Any time you're flying for recreational purposes, you can follow 336 rules. However, this filming of the open house does not sound recreational.
 

modbuilder

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#7
Technically, as far as the FAA is concerned, it's not a question of whether you are being paid, but whether your flight is recreational. From your description it doesn't sound as if the flight(s) would be purely recreational, but that's the deciding factor.
That's an interesting perspective. Hadn't thought of it that way. When I go out to fly for fun, I don't think of running out to the airport to photo a show. So even though there's no compensation involved, I guess that doesn't mean that it's automatically non-commercial.

Somewhere, sometime, the more flexible rules for recreational versus commercial operation are going to have to be reconciled. It just doesn't make sense for the larger number of recreational pilots to easily engage in behavior that would be deemed too risky for commercial pilots to do without rigorous review and approval. Oh well. Rant over.
 

sar104

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#8
That's an interesting perspective. Hadn't thought of it that way. When I go out to fly for fun, I don't think of running out to the airport to photo a show. So even though there's no compensation involved, I guess that doesn't mean that it's automatically non-commercial.

Somewhere, sometime, the more flexible rules for recreational versus commercial operation are going to have to be reconciled. It just doesn't make sense for the larger number of recreational pilots to easily engage in behavior that would be deemed too risky for commercial pilots to do without rigorous review and approval. Oh well. Rant over.
I completely understand your point of view but you still be missing the point. It's not a perspective - it's the actual wording of the law, backed up by FAA interpretation for those who questioned it. The test is not recreational vs. commercial, it's recreational vs. non-recreational. 14 CFR Part 101 doesn't mention commercial - what it does say is that you must be flying purely for fun:

§101.41 Applicability.

This subpart prescribes rules governing the operation of a model aircraft (or an aircraft being developed as a model aircraft) that meets all of the following conditions as set forth in section 336 of Public Law 112-95:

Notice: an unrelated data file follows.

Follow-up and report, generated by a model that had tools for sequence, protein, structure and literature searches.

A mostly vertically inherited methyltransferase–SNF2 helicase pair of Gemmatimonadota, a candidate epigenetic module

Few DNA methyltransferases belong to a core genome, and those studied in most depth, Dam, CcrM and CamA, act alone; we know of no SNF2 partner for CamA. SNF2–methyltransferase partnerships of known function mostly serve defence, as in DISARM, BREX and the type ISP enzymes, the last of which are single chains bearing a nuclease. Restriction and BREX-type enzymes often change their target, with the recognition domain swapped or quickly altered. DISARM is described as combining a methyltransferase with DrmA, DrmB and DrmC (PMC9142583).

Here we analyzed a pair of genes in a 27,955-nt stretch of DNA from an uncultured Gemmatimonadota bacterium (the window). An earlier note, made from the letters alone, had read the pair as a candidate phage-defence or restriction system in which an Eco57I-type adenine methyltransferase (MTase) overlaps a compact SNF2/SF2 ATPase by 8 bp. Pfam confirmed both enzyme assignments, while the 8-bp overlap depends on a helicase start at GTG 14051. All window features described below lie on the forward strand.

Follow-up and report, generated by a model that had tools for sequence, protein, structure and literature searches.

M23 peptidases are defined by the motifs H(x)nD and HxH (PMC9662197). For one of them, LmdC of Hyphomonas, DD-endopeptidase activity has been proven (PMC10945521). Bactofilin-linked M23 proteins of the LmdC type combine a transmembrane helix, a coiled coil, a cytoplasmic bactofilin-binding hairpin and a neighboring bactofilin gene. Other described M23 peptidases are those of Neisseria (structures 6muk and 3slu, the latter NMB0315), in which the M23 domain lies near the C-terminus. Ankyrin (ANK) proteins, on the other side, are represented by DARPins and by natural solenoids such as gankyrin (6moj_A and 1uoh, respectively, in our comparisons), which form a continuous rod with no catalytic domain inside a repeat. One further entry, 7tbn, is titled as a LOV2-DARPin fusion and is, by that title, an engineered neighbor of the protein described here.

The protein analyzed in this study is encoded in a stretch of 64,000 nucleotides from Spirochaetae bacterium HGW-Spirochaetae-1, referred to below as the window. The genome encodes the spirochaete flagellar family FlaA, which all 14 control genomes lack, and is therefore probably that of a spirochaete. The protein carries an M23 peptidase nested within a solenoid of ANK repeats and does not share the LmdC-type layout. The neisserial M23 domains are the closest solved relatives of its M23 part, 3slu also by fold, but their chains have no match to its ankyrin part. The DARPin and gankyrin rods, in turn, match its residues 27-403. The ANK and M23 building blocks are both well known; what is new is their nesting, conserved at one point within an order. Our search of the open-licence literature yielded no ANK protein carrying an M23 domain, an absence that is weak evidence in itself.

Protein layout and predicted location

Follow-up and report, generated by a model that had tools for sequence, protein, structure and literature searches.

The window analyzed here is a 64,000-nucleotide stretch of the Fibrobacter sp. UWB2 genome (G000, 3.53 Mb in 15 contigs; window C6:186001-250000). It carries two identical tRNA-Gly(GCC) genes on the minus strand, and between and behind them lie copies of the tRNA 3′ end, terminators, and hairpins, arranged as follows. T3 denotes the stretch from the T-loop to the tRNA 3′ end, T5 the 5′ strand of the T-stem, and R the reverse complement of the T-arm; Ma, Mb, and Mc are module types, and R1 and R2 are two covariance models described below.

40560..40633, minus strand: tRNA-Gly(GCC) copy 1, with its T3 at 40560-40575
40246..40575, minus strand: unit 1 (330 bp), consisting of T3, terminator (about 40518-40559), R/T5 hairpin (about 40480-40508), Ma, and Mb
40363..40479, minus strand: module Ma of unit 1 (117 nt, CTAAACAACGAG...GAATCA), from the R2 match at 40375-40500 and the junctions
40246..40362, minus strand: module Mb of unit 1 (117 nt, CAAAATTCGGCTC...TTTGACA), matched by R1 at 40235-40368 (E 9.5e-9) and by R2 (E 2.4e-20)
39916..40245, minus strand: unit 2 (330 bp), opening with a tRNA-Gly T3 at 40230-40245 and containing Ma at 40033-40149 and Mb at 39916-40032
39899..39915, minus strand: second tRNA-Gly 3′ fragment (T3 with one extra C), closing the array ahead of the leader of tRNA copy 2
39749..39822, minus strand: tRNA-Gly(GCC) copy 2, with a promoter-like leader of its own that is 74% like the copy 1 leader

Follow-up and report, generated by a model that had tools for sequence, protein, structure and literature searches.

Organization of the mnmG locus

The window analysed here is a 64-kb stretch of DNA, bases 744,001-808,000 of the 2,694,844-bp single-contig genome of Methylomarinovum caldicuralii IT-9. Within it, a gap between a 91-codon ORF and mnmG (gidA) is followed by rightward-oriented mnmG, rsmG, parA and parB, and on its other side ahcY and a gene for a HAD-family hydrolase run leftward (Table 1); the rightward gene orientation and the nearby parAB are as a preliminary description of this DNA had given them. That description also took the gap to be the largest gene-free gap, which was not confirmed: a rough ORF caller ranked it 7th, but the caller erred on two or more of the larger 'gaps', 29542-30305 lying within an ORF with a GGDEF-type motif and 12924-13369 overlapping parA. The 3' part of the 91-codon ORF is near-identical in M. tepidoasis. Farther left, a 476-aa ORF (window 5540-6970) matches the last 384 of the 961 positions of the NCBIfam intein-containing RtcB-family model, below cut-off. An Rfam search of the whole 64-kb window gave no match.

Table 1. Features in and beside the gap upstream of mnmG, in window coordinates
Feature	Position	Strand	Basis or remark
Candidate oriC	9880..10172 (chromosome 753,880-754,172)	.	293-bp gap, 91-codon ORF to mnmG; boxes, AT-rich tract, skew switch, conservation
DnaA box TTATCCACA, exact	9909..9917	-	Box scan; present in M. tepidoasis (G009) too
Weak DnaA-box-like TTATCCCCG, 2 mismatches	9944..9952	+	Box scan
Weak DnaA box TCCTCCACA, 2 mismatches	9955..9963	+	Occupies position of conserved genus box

(a) The aircraft is flown strictly for hobby or recreational use;

(b) The aircraft is operated in accordance with a community-based set of safety guidelines and within the programming of a nationwide community-based organization;

(c) The aircraft is limited to not more than 55 pounds unless otherwise certified through a design, construction, inspection, flight test, and operational safety program administered by a community-based organization;

(d) The aircraft is operated in a manner that does not interfere with and gives way to any manned aircraft; and

(e) When flown within 5 miles of an airport, the operator of the aircraft provides the airport operator and the airport air traffic control tower (when an air traffic facility is located at the airport) with prior notice of the operation.
 

modbuilder

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#9
I can easily pass the red face test for subparts (b) - (e) flying my example case. (That was not a hypothetical by the way.)

But for me those parts don't clarify the meaning of the bolded part (a) that says "flown strictly for hobby or recreational use". I've always considered that profiting in some way makes a flight a non-hobby. It almost sounds like the "strictly hobby or recreational" nature of a flight, if it isn't decided by compensation resulting from the flight, must be decided by whether it was fun. For me, it would have been fun to fly/shoot the open house because I would have viewed it as a new experience that required some thought and skill.

Now, yes, I would have wanted to add it to my resume, and I'd undoubtedly have wanted to put it up on my commercial web site. So......... to me, that is clearly benefiting from it commercially, and it's what led me to decline the opportunity because I didn't expect to get FAA airspace authorization.